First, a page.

If that story were transplanted to a contemporary setting, would it have the same outcome? Would the BBC’s managers, having got it wrong with Running Wild, have let the greatest and best-loved comedians in British television history back on screen? In the current climate, the answer would have to be no.

BBC television needs another Morecambe and Wise (pictured above, Morecambe and Wise with Glenda Jackson). The position of the nation’s favourite comedian(s) has since been occupied by the Two Ronnies, Victoria Wood, French and Saunders, then Harry Enfield and Paul Whitehouse. But since Little Britain and Catherine Tate left the building, the BBC seems to have given up on the quest to make the whole country laugh at once (ITV never really tried, while not enough viewers ever cluster at any of the other channels).

The closest to a successor is Miranda Hart, whose inclusive sitcom enthusiastically signs up for what I call silly catchphrases and sillier pratfalls. But there is no other sitcom which comes close. Taking their cue from the game-changing docu-com The Office, shows carefully dunked in irony like Twenty Twelve and The Thick of It, Getting On and Peep Show, have tickled the funny bones of metropolitan audiences. Meanwhile, stand-up comedians make far more money on the touring circuit, and mainly drop into television studios to sit on low-budget panel shows. Or in the case of Jason Byrne, to write and star in Father Figure, a poorly conceived family sitcom which says everything about the fatal lack of confidence and nous at the heart of the BBC Comedy's commissioning process.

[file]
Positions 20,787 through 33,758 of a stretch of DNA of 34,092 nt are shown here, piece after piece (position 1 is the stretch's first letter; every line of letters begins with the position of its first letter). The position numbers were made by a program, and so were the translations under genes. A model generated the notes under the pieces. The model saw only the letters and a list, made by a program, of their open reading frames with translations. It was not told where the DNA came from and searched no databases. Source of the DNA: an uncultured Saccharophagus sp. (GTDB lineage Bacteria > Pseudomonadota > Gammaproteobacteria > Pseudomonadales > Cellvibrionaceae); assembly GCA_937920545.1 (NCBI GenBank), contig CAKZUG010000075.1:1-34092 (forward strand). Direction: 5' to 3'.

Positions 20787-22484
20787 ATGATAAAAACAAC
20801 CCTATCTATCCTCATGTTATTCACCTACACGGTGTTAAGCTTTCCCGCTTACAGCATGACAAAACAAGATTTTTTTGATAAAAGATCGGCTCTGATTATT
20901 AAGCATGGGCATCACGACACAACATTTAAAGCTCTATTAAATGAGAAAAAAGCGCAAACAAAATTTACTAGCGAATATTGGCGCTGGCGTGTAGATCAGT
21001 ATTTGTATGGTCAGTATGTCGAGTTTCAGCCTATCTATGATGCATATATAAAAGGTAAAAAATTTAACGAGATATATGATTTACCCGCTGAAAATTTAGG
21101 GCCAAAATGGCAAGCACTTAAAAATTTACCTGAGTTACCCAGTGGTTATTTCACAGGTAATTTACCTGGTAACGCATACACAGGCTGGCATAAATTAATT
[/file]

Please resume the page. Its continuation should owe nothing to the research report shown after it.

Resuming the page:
Last week there was a signature moment in British comedy when Monty Python announced their comeback gig at the O2, to take place in July 2014. Well, if the Rolling Stones are doing it, why not them? Tickets went on sale on Monday morning, and will sell out before you can say "dead parrot". At the press conference the Pythons sounded disappointed that, while the BBC owns the rights to all their shows, it never broadcasts them. That is perhaps understandable: the BBC is not there to trot out its back catalogue. But there is something ominous in Terry Gilliam’s poster image on their Pythons’ website. It shows an almighty foot stomping through a graveyard. “One down, five to go,” reads the caption. The allusion is to the death of Graham Chapman and the advanced age of the five surviving Pythons, now all in their seventies. The foot is meant to belong to God. But it may as well belong to a BBC manager, laying waste to a generation of comic talent.

Overleaf: watch Morecambe and Wise perform with their scriptwriters

'Father Figure' says everything about the fatal lack of confidence and nous at the heart of the BBC Comedy's commissioning process

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Comments

I don't know for a fact that the above is true, but I could believe it. I find myself bored and disappointed by a lot the comedy output from the BBC these days.